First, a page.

How to Find the Right Camp for Your Child
When parents are looking for the right camp for their child, they have a lot of questions. How do I find the right camp? Is my child old enough for overnight camp? How do I know the staff is qualified?
Accreditation from the American Camp Association
The most important question to ask when looking for a camp: Is the camp accredited by the American Camp Association® (ACA)? "ACA accreditation provides parents and the public with evidence that camps have voluntarily met health and safety standards through a peer review," explains Tom Rosenberg, president/CEO of the American Camp Association.
ACA accreditation educates camp owners and directors in the administration of key aspects of camp operation, program quality, and the health and safety of campers and staff. It establishes guidelines for needed policies, procedures, and practices for which the camp is responsible for ongoing implementation. It assists the public in selecting camps that meet industry-accepted and government-recognized standards.
The American Camp Association collaborates with experts from the American Academy of Pediatrics, the American Red Cross, and other youth-serving agencies to assure that current practices at your child's camp reflect the most up-to-date, research-based standards in camp operation.
After two years of information gathering, planning, and testing, ACA has revised and reorganized its standards for accreditation, the only standards for health and safety in the camp industry. The improvements to ACA's 70-year-old accreditation program include improved organization to eliminate redundancy and improved technology to support camps. The revisions are also geared toward camp operators who do not own their own property, as well as camps that host programs at many sites.
Rosenberg adds, "ACA accreditation shows a camp's commitment to the safest and highest standards in organized camp."
Involve Your Child and Ask Questions
During the camp search process, it can be helpful for parents to involve their child. Parents can also gauge their child's readiness by their excitement and involvement. When deciding if it is the right time to try an overnight camp experience, consider if your child has had successful overnight experiences with a friend or relative. Is your child excited about being away from home at camp?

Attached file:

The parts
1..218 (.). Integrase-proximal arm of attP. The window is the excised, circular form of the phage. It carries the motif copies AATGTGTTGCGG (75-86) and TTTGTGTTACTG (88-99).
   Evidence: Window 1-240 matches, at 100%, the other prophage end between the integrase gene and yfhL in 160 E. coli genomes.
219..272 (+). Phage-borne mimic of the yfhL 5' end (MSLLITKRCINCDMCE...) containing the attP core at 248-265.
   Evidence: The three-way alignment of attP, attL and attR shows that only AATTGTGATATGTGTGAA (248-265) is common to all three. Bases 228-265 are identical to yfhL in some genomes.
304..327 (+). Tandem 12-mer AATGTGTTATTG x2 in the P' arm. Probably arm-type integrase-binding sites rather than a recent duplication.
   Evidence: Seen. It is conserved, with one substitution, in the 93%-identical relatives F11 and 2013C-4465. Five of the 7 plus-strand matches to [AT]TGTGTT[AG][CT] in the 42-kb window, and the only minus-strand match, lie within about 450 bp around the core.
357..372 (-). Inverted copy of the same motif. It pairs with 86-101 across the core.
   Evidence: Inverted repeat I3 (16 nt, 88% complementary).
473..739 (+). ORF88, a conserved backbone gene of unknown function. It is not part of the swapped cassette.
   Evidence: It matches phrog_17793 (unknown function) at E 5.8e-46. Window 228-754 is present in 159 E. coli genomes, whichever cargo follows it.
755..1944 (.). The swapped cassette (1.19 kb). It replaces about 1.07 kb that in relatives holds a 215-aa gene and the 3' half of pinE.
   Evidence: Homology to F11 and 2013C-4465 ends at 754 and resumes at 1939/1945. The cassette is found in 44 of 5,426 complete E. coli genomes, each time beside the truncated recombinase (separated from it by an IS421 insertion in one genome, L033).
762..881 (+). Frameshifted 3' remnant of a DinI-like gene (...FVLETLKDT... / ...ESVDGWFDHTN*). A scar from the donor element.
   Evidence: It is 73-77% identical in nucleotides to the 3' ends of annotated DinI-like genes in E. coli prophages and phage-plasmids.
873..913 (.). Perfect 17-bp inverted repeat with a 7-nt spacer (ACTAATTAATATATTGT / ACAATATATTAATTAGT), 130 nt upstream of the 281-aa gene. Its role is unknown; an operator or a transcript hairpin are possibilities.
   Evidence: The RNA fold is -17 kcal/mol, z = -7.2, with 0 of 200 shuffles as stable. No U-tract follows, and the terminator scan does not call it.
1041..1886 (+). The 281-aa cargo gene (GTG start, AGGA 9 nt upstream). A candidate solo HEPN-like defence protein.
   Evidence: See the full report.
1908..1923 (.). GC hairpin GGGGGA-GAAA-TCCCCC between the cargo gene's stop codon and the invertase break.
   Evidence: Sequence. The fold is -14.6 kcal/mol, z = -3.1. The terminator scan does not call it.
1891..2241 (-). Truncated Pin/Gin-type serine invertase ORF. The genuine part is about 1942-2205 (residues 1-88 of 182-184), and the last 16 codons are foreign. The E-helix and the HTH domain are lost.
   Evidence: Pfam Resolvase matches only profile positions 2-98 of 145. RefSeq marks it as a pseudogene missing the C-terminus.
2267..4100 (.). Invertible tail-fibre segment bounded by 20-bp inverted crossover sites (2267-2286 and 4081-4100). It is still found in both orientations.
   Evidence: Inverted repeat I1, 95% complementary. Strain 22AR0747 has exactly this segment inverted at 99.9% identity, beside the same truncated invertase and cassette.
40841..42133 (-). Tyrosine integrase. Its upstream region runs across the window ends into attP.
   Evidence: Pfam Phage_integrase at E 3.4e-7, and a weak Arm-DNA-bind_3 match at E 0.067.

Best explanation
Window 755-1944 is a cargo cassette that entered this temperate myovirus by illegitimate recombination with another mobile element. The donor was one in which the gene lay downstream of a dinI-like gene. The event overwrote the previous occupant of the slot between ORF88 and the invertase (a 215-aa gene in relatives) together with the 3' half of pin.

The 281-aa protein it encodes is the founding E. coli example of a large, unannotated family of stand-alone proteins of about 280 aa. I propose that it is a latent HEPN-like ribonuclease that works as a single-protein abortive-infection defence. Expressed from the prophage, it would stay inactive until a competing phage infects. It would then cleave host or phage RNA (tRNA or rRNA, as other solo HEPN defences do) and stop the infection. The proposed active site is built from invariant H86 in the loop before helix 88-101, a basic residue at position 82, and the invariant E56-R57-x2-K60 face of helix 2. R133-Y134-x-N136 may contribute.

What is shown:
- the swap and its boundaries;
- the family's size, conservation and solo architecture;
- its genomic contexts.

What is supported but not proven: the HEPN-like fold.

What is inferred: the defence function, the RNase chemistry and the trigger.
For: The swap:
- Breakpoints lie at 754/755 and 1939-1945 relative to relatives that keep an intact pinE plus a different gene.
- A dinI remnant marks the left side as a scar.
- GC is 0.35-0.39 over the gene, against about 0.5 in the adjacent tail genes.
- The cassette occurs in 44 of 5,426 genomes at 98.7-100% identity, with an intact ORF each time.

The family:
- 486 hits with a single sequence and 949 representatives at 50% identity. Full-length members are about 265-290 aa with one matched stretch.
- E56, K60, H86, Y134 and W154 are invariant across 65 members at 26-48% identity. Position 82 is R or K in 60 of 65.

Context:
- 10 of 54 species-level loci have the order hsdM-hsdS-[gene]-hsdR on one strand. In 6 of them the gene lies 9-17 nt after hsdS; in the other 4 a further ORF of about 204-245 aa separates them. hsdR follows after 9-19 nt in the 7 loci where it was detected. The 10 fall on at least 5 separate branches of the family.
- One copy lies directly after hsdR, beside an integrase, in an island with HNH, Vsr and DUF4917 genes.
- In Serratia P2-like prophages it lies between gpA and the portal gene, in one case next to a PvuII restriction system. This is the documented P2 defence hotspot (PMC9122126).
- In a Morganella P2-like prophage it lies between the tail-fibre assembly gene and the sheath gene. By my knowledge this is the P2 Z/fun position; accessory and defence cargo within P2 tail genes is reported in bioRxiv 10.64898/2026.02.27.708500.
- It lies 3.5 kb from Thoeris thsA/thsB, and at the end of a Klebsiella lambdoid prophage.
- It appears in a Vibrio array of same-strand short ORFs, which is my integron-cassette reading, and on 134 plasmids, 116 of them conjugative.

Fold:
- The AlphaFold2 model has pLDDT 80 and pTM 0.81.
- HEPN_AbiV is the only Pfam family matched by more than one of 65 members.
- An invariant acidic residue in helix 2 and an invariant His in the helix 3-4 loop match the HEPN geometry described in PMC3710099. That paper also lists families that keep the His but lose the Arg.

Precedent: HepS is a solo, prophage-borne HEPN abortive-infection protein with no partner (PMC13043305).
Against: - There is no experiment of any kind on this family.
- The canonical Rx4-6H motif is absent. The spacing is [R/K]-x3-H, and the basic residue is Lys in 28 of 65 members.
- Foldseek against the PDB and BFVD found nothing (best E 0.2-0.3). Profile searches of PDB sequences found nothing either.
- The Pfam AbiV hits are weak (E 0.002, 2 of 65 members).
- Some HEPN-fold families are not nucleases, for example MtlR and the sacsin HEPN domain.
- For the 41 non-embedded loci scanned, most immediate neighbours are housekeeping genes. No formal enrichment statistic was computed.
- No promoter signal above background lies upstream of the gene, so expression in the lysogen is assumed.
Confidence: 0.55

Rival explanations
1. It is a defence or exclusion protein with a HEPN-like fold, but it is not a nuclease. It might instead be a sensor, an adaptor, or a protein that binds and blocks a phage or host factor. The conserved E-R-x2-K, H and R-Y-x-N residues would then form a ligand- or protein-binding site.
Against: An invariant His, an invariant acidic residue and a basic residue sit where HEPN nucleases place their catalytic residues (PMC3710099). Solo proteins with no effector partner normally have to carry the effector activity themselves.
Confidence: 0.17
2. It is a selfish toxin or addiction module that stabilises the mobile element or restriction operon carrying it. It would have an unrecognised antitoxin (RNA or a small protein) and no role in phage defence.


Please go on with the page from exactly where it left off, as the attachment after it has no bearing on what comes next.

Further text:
If possible, families can visit camps in person. Camp directors like giving tours. Families can visualize the experience ahead of time and ask the director lots of questions. They can ask if the camp is accredited, and if they are not accredited, they can ask why not.
Other questions to ask: What are the camp's philosophy and program emphasis? What is the camp director's background? What training do counselors receive? What is the counselor-to-camper ratio? What are the ages of the counselors? How does the camp handle homesickness and other adjustment issues?
Families can use the American Camp Association's Find a Camp tool to search for camps by activity, cost, location, program, and more.
The Benefit of Camp
Camp has been providing special memories of hiking, swimming, friendships, and adventure for generations. When children go to camp, they'll likely come home gushing about the lifelong friends they've made and the exciting adventures they had. What they probably won't tell you about are the life lessons camp has given them — those skills that will translate into a lasting self-confidence, an awareness of the importance of kindness, and a greater comfort in voicing their opinions.
Camp provides children with a community of caring adults, who nurture experiential education that results in self-respect and appreciation for human value.
Statistics above are from the ACA Youth Outcomes Study
Children are at less risk at camp where they have a sense of community, develop intergenerational relationships, and learn through first-hand experiences. Trained, caring adult role models help children feel loved, capable, and included. Camp provides children with a safe, supervised, positive environment, which helps children grow.
As families search for the perfect camp for their children, be sure the camp is accredited by the American Camp Association. ACA accreditation is voluntary, and it assures families that camps have made the commitment to a safe, nurturing environment for their children. Camps and ACA form a partnership through accreditation that promotes growth and fun in an environment committed to safety.
Families can find the accreditation status of any camp at any time by visiting ACAcamps.org or by calling 1-800-428-CAMP. If your child's camp is not accredited, ask why not.
The American Camp Association® (ACA) is a national organization with more than 12,000 individual members and 3,000 member camps. ACA is committed to collaborating with those who believe in quality camp and outdoor experiences for children, youth, and adults. ACA provides advocacy and evidence-based education and professional development and is the only national accrediting body for the organized camp experience. ACA accredits approximately 2,400 diverse camps nationally. Accreditation provides public evidence of a camp's voluntary commitment to the health, safety, and overall well-being of both campers and staff. For more information, visit ACAcamps.org.
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